DVLA’s tips to avoid being caught out by car tax fraudsters

DIA Insurance ADI News

After a recent spate of fraudsters targeting motorists pretending to be from the Driver and Vehicle Licensing Agency (DVLA), the agency have warned drivers to watch out for online car tax scams.
Such scams see criminals send fake texts and emails to unsuspecting motorists in a bid to steal their personal information and bank details.
In the last three months of 2018 alone, DVLA received 1,275 reports of suspected vehicle tax scams.
In a bid to crack down and help motorists stay safe online, DVLA has released 7 tips to avoid becoming a victim of online car tax fraud:
1. Only use GOV.UK
When looking for information or using our online services, double check that you are using a GOV.UK webpage so that you can be sure that you’re dealing directly with DVLA.
2. Scam emails
DVLA never send emails that ask you to confirm your personal details or payment information. If you get anything like this, do not open any links and delete the email immediately.
3. Beware of misleading websites
Keep an eye out for potentially misleading third party websites. These sites will often offer to help you apply for a driving licence or tax your car but are likely to charge additional fees for services that you could get for free or at a lower cost on GOV.UK.
4. Look out for premium rate numbers
Look out for websites offering to connect you to DVLA’s contact centre, as they are usually premium rate numbers. DVLA contact centre numbers will only ever begin with 0300 – which costs the same as a local call.
5. Be mindful of what you share online
Never share images online of your driving licence and vehicle documents. This personal information could be invaluable to those looking to steal the identity of a vehicle or its owner.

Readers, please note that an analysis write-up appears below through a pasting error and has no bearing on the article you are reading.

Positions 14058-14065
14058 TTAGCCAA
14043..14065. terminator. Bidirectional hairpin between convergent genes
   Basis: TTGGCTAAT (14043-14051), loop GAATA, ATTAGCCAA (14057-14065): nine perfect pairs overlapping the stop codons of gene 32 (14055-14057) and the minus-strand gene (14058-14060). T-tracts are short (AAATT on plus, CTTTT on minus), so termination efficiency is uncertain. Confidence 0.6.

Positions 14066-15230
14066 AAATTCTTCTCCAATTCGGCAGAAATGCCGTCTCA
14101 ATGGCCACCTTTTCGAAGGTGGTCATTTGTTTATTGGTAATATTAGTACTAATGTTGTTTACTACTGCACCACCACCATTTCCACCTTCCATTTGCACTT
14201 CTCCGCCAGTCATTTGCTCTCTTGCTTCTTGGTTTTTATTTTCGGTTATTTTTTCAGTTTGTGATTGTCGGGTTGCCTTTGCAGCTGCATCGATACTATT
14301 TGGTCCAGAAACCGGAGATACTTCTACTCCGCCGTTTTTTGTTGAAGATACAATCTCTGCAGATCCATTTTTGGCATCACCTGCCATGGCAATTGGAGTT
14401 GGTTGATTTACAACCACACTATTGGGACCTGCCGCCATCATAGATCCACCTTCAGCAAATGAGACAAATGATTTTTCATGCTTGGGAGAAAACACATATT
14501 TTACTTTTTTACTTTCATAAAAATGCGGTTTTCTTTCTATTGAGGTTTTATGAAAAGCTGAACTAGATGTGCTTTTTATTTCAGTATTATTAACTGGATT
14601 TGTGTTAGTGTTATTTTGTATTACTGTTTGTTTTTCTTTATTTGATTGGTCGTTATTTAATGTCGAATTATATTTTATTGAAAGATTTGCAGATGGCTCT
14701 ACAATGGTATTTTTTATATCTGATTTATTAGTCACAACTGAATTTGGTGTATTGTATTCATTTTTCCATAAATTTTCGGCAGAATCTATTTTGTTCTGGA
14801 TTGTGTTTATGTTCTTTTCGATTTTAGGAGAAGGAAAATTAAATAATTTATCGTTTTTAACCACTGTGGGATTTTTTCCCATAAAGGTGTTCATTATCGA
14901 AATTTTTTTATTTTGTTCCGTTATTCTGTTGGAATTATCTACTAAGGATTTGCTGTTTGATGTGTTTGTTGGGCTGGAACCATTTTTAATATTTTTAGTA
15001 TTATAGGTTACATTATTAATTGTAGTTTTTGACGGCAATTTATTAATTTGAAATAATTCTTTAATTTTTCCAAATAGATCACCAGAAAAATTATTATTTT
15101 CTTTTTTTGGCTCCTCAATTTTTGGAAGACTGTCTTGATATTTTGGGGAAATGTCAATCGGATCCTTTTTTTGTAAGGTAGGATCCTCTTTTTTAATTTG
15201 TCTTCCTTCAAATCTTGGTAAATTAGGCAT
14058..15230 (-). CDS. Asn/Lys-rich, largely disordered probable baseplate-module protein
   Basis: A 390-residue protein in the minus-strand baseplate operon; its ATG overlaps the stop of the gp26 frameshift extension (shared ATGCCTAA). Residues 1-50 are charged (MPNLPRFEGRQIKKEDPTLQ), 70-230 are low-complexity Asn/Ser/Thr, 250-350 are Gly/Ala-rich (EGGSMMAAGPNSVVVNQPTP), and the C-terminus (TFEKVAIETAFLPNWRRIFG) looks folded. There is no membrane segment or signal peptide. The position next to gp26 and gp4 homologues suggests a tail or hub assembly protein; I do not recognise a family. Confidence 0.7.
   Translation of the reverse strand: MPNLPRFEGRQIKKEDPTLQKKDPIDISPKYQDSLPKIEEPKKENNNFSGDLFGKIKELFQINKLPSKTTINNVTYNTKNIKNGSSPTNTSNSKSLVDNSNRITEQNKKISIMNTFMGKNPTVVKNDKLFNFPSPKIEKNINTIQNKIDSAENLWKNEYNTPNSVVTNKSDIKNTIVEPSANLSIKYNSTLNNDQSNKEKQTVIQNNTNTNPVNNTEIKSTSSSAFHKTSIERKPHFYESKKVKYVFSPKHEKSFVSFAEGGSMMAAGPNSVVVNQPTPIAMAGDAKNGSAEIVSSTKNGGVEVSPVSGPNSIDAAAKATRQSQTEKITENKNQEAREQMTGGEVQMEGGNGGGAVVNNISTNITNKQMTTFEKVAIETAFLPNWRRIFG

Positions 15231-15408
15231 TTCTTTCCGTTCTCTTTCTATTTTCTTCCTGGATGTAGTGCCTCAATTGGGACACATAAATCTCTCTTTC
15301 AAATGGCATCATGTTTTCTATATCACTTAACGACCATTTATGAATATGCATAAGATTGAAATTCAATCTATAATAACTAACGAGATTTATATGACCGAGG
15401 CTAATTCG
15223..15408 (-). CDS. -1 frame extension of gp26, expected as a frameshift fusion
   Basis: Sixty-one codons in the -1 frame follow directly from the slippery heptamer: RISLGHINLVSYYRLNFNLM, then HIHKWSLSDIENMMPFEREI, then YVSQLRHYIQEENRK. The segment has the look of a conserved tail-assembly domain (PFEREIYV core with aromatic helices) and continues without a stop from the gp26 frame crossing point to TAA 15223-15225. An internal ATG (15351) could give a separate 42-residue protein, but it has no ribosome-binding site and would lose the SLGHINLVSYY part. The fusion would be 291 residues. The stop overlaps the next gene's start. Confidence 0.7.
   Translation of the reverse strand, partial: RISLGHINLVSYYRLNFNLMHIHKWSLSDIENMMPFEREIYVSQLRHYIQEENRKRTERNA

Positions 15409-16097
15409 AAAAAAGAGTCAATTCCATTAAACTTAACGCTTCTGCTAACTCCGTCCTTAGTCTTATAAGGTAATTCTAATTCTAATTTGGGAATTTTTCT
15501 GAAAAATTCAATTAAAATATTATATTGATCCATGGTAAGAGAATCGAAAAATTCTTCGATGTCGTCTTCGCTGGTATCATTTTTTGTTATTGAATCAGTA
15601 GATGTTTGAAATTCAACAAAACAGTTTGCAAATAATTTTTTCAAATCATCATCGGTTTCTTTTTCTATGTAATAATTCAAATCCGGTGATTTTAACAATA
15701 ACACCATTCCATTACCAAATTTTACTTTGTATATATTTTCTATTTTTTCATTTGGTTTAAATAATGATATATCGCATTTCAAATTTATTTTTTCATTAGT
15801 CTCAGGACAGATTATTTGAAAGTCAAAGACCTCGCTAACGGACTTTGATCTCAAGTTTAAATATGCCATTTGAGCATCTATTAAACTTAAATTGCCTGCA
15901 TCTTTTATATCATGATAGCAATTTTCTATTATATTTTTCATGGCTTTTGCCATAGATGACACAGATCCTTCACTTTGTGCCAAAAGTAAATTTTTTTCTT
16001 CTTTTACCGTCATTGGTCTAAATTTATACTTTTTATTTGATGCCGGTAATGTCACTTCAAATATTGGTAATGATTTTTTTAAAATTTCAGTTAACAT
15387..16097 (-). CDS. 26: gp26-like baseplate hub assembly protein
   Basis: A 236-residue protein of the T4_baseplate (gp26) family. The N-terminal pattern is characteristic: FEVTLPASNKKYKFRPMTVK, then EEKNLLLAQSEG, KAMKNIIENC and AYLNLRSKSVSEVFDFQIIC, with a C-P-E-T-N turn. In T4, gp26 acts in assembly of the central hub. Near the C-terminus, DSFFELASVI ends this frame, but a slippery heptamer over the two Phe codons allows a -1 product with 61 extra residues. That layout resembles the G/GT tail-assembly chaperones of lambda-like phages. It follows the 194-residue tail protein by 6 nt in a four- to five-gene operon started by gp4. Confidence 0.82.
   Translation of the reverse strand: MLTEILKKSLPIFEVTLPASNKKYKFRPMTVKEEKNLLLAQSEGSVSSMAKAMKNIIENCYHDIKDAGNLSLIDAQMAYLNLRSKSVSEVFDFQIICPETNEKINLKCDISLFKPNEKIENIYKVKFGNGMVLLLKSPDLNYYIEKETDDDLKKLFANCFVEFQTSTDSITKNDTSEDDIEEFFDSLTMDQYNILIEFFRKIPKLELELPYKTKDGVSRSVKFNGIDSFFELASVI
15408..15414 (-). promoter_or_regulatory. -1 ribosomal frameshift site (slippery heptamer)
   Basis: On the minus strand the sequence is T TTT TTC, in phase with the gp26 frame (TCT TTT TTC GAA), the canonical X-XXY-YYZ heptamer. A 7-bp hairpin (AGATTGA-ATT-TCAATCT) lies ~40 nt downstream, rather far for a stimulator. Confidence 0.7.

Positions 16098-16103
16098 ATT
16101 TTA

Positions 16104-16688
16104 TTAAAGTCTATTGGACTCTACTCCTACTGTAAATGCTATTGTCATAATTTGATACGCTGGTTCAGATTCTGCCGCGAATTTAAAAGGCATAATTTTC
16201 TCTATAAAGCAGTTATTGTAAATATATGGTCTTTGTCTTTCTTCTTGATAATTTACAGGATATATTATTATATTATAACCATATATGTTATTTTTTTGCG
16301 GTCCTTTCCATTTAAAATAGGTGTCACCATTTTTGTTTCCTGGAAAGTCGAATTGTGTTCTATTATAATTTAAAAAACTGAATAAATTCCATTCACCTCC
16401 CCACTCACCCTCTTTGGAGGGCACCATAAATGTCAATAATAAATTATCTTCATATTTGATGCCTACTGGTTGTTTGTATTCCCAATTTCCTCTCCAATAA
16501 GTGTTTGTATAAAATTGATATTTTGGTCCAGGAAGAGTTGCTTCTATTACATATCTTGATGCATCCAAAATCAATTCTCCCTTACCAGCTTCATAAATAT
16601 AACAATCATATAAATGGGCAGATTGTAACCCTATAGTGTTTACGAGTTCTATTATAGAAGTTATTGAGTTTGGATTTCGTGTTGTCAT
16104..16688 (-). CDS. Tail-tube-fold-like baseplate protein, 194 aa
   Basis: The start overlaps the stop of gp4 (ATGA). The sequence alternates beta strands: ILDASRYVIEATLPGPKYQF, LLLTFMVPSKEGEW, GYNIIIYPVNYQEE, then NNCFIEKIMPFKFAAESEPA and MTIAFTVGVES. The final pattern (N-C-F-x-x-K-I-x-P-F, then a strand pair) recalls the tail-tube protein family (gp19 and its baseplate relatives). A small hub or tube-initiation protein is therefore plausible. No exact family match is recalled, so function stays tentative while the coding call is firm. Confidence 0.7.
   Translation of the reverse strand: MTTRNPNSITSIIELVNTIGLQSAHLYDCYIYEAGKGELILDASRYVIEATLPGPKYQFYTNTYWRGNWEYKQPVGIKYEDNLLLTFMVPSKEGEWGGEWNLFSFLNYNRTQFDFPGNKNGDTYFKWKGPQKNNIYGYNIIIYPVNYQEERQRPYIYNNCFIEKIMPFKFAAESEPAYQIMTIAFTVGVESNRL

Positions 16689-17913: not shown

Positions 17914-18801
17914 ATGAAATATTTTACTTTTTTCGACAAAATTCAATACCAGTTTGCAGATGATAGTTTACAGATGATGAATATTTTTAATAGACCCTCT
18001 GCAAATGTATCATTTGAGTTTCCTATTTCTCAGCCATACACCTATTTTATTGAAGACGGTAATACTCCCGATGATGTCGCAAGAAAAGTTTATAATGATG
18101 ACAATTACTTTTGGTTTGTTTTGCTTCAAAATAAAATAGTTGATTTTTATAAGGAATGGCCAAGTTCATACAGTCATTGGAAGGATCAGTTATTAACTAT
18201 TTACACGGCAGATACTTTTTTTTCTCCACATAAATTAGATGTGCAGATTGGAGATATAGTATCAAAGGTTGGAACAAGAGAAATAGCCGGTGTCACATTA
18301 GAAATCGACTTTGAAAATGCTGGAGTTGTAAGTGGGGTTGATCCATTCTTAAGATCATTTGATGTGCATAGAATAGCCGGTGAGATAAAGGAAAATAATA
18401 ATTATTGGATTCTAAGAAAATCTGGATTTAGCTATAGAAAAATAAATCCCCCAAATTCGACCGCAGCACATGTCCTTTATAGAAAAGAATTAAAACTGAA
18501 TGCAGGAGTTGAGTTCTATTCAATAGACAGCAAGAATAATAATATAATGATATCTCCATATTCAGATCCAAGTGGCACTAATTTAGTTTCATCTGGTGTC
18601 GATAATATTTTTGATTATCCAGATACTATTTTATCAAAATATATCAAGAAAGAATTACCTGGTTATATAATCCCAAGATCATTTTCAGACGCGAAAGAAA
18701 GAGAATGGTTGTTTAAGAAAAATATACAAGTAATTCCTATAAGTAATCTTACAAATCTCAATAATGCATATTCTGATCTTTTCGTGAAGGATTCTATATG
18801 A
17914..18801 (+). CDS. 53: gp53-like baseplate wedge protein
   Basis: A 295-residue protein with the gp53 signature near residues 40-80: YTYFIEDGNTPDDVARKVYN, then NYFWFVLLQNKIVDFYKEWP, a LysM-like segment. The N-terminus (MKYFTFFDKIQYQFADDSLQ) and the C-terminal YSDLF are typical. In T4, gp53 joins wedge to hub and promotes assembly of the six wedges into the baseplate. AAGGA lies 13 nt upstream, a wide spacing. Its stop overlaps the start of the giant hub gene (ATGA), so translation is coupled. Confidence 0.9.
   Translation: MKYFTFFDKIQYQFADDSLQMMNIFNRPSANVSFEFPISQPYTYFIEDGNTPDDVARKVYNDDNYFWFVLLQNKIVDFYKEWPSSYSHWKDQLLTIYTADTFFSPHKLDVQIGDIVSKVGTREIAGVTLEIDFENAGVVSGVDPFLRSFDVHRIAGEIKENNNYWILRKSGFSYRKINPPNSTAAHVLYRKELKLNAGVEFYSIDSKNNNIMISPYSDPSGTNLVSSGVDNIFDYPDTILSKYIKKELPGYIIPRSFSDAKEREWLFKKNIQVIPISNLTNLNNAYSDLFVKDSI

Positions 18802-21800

6. Texts
DVLA never send texts about vehicle tax refunds. Text scams often ask you to follow a link to provide credit card details. Never click on the link and delete the text straight away.
7. Report any suspected scams
If you are concerned about any calls, texts, emails or suspicious online activity, you should report it to the police via Action Fraud immediately.
Dave Pope, Chief Information Security Officer at the DVLA, reiterated these tips and urged drivers to remain vigilant online to help avoid being caught out by one of these scams.
He said, “When looking for contact details or any of DVLA’s digital services, you should only use GOV.UK so you can be sure that you’re dealing directly with DVLA.
“Posting on social media is a way of life for most drivers, however they may not realise they risk setting themselves up as a prime target for fraudulent activity.
“People can stay ahead of the criminals by being vigilant with their personal information and who they share it with, and reporting anything suspicious to the Police via Action Fraud.”

Source: ADI News

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